The Maison Saint-Gabriel Museum is located in Montreal
and is dedicated to preserving the history, heritage and artifacts of the settlers of New France in the mid 17th century. The museum consists of a small farm, which has been administered for more than 300 years by the Sisters of the Congregation of Notre Dame of Montreal, founded by Marguerite Bourgeoys in Montreal in 1658.
The site was designated a National Historic Site of Canada in 2007.
In the early 1960’s, after officially celebrating the 300th anniversary of Marguerite Bourgeoys’ ownership of land in Pointe-Saint-Charles, interest in turning the original house into a museum increased. However, in order to do so, another establishment needed to be constructed to house the sisters who would oversee the museum project. Therefore, the construction of the Jeanne-LeBer house began in 1963, and was completed in 1964.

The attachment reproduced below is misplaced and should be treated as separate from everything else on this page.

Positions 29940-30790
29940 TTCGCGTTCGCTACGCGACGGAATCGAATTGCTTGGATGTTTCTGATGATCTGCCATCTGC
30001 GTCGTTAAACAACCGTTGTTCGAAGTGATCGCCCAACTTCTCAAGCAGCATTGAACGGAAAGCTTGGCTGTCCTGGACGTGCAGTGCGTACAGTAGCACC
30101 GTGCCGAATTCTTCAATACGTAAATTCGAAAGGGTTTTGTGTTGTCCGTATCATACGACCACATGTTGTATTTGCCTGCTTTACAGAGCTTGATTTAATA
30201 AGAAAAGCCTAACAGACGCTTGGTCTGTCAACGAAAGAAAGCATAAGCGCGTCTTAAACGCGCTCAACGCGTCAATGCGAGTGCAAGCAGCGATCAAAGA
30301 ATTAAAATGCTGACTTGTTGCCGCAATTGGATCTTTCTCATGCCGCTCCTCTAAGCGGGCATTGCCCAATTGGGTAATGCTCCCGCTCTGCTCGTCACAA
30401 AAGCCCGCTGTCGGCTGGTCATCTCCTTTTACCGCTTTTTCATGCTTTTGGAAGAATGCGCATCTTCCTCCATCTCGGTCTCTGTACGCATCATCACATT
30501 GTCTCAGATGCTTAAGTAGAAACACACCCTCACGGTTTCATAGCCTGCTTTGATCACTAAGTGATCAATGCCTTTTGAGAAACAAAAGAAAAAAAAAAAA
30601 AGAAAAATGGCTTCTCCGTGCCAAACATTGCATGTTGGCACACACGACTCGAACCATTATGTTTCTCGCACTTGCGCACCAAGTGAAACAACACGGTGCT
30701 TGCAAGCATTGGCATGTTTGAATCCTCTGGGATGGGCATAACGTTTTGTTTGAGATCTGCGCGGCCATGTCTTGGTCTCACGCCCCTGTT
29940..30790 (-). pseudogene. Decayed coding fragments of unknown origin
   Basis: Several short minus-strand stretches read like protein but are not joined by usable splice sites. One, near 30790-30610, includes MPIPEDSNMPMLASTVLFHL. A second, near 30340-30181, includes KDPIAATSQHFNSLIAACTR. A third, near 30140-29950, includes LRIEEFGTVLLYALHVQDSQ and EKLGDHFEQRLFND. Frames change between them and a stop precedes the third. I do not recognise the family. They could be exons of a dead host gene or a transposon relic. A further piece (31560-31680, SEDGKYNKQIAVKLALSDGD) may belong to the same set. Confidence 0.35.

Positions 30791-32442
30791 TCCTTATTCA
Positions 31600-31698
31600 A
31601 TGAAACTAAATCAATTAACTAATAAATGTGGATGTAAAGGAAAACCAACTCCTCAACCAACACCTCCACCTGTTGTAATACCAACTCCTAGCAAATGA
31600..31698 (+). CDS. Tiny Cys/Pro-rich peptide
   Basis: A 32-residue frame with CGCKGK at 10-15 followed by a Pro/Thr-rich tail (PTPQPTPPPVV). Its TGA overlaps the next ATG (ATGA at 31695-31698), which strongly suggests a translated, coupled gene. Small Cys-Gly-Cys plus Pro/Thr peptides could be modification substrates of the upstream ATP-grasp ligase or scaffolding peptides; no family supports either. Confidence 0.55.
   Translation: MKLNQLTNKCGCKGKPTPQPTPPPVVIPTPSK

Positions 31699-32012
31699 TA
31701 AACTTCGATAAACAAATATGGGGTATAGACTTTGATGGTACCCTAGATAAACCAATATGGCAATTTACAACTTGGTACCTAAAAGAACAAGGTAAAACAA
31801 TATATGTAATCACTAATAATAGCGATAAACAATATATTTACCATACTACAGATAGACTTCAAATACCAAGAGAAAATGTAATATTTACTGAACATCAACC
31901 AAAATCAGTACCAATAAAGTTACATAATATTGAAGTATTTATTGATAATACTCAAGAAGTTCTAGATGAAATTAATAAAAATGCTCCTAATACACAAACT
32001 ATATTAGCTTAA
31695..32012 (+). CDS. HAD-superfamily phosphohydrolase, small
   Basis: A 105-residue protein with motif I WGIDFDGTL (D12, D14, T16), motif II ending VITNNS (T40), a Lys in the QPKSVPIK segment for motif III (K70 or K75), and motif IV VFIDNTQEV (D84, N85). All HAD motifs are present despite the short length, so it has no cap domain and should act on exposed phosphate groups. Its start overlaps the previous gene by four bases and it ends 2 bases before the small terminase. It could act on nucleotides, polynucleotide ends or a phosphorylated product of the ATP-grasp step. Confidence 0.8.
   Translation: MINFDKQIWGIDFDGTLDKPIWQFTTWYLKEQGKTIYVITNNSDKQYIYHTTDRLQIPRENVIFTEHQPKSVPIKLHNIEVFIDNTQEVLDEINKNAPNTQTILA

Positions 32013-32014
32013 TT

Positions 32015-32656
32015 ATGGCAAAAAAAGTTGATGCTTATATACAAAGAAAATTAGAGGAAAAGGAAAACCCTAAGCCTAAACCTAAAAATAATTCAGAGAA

The Maison Saint-Gabriel museum hosts over 15,000 artifacts.The 17th century house and the 18th century barn hold a collection that helps re-create rural living in New France, using objects dating from the 17th century onwards. There are many original objects, while others are reproductions based on drawings conserved from the 17th century.
The collection includes domestic objects (lighting and appliances), religious clothing and accessories, furniture from homes and churches, materials of correspondence (letters and books), religious and decorative art, and finally textile, construction, agricultural and trade tools.